Liu Chuang, “BBR1 (No.1 of Blossom Bud Restrainer) No.2,” 2016, Female poplar seeds collected in Beijing, acrylic and air pump, Dimensions variable. Shanghai Himalayas Museum installation view, 2017


Liu Chuang’s works “BBR1 (No.1 of Blossom Bud Restrainer) No.2” and “Female Poplar Seeds from Beijing” shed light on our efforts to find scientific solutions to contemporary problems, while also suggesting the limitations we have and will continue to encounter. Consisting of video and specimens of catkin flower clusters, the works explore the narrative surrounding poplar trees and the biological hormone developed by the Scientific Studies of Landscape Architecture at the Beijing Institute to control the growth of willow catkins, which are highly flammable and harmful to our respiratory systems. The product is now available in local markets and the online shopping website Taobao.

The artist Liu Chuang theorizes that injecting the hormone directly into the trees might result in a corresponding rise to future amounts of poplar catkins; energy that had originally been invested into budding and flowering, will now be redirected to the growing of trunks and leaves, thus requiring greater levels of the hormone in the future. It is hard to say whether the artist is merely being pessimistic about such scientific approaches – with impacting results that have yet to be determined – or is rather implying the innate limitations of all scenarios; the benefits will always counterbalance the side effects. Such considerations naturally draw our attention to the continuous perseverance of mankind.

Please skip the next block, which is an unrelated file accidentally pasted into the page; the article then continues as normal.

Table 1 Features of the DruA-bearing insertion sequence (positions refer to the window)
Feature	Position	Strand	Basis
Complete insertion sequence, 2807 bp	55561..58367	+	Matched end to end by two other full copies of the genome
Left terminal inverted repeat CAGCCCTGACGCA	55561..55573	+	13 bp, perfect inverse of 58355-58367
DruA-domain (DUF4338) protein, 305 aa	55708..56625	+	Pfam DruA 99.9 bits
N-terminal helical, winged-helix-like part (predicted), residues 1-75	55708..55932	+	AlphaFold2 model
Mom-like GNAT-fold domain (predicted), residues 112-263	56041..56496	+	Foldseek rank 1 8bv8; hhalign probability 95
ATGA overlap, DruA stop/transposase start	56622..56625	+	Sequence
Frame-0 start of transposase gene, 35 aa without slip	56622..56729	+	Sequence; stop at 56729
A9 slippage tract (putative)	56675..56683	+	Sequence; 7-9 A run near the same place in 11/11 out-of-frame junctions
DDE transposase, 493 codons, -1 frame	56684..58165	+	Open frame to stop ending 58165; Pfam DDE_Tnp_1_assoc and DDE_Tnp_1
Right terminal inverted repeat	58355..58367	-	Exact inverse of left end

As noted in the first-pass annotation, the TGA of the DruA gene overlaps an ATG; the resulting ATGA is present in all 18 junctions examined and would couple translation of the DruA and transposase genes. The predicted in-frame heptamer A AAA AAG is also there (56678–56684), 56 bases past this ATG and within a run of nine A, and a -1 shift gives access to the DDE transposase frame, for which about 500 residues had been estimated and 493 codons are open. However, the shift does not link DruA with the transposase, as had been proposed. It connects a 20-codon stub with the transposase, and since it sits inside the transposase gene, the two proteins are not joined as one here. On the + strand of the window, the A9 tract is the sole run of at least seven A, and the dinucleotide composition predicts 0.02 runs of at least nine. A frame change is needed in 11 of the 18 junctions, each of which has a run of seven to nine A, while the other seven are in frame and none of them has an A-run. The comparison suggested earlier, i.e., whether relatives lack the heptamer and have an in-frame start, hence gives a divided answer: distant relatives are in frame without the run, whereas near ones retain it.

Liu Chuang (Hubei Province, 1978) is a Beijing-based artist who works primarily with sculpture, film, and installation. Known for engaging the borders of social, economic, and urban realities, he charts a manifold understanding of the systems and patterns that underpin and structure our everyday experience of moder­ nity. Liu closely analyses the traits shared amongst objects and patterns, with a particular focus towards how they resurrect themselves through dif­ ferent periods in time by adapting into new variants. He has had recent solo exhibitions at Magician Space, Beijing (2015), K11 Wuhan, Wuhan (2015), Taikang Art Space, Beijing (2014), Kunsthall Stavanger, Stavanger (2014), Salon 94 Freemans, New York (2014), and participated in major group exhibitions at Foundation Louis Vuitton, Paris (2016), Para Site, Hong Kong (2016), 10th Shanghai Biennale curated by Anselm Frank, Shanghai (2014), 10th Gwangju Biennale, Gwangju (2014), UCCA, Beijing (2013), and Whitechapel Gallery, London (2012).